Many job candidates have benefited from HireVue’s technology to help remove the very significant human bias in the existing hiring process.
Emotion detection is also being used by some call centers to determine when callers are getting upset or to detect fraud by voice characteristics.
Meanwhile, there are those working with emotion detection that agree that it needs regulating… with nuance and sensitivity to the good that the technology can lead to. One such is Emteq – a firm working to integrate emotion-detecting technology into virtual-reality headsets that can help those trying to recover from facial paralysis brought on by, for example, strokes or car accidents.
The BBC quotes founder Charles Nduka:
One needs to understand the context in which the emotional expression is being made. For example, a person could be frowning their brow not because they are angry but because they are concentrating or the sun is shining brightly and they are trying to shield their eyes. Context is key, and this is what you can’t get just from looking at computer vision mapping of the face.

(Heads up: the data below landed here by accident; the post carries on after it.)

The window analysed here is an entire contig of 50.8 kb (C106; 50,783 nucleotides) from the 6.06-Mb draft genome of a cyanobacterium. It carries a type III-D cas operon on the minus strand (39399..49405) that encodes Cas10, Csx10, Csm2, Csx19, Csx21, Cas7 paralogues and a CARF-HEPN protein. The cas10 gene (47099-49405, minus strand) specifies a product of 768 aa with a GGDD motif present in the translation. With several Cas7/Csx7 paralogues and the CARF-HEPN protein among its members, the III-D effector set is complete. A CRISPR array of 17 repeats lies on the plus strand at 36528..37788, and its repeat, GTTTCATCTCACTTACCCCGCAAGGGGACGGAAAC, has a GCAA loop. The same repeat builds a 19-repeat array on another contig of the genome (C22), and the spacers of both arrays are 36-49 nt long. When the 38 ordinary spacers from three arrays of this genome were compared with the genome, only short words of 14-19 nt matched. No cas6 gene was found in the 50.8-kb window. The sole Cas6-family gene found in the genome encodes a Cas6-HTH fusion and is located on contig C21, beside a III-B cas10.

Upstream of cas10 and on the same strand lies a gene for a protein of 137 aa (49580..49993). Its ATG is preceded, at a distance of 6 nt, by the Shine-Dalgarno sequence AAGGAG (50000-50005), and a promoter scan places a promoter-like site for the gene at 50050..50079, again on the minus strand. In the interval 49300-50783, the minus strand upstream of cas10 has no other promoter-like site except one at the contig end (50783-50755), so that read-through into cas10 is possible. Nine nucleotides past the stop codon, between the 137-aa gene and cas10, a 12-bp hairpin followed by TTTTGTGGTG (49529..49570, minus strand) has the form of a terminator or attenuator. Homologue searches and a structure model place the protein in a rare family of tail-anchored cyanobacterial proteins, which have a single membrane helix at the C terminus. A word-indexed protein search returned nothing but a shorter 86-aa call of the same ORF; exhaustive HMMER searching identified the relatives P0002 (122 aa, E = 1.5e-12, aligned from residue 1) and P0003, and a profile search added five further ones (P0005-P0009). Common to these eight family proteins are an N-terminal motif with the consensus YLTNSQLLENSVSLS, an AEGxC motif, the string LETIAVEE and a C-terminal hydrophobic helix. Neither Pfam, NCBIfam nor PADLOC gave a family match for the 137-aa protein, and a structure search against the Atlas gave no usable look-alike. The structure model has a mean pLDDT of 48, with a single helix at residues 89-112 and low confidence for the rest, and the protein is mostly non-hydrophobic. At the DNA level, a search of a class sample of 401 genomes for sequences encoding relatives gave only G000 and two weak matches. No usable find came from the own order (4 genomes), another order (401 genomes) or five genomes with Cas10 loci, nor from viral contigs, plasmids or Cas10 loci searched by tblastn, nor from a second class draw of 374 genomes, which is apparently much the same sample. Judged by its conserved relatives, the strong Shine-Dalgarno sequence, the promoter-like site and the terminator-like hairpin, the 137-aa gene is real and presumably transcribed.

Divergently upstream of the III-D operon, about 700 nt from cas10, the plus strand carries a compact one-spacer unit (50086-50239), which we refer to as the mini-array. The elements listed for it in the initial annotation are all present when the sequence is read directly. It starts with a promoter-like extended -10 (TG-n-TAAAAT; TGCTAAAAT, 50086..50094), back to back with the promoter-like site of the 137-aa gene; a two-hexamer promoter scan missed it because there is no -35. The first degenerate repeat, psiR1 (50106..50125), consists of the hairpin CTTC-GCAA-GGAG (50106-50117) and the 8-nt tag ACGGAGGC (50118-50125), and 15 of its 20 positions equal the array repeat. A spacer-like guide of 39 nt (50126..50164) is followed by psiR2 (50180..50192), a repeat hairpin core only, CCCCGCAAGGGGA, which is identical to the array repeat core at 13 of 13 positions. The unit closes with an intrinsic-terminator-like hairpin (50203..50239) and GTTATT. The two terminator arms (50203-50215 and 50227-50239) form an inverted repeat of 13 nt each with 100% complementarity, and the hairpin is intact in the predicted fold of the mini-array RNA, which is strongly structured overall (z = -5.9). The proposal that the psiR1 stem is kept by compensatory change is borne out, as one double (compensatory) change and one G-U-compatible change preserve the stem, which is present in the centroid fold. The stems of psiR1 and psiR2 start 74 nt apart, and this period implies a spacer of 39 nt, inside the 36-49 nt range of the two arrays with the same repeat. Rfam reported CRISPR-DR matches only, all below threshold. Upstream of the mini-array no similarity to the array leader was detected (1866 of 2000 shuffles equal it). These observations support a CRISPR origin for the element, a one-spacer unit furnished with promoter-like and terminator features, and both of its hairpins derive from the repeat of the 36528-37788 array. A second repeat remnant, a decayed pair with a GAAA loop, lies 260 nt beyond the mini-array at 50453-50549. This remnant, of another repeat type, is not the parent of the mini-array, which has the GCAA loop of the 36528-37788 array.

Yes, let’s regulate it, he said. But please, lawmakers, don’t hamper the work we’re doing with emotion detection in medicine.
If things are going to be banned, it’s very important that people don’t throw out the baby with the bathwater.
One comment on “Emotion-detection in AI should be regulated, AI Now says”
Why is the answer to issues such as these always (and often first) to pass laws? Laws are very rigid and short-sighted, barring future progress in order to stifle concerns that may or may not ever become serious problems. Instead of the cold hand of government, why not educate people instead? There is a lot of money in non-AI-based emotional recognition and identifying intent…let’s sure up that knowledge domain before applying it to another unclear domain, “AI”.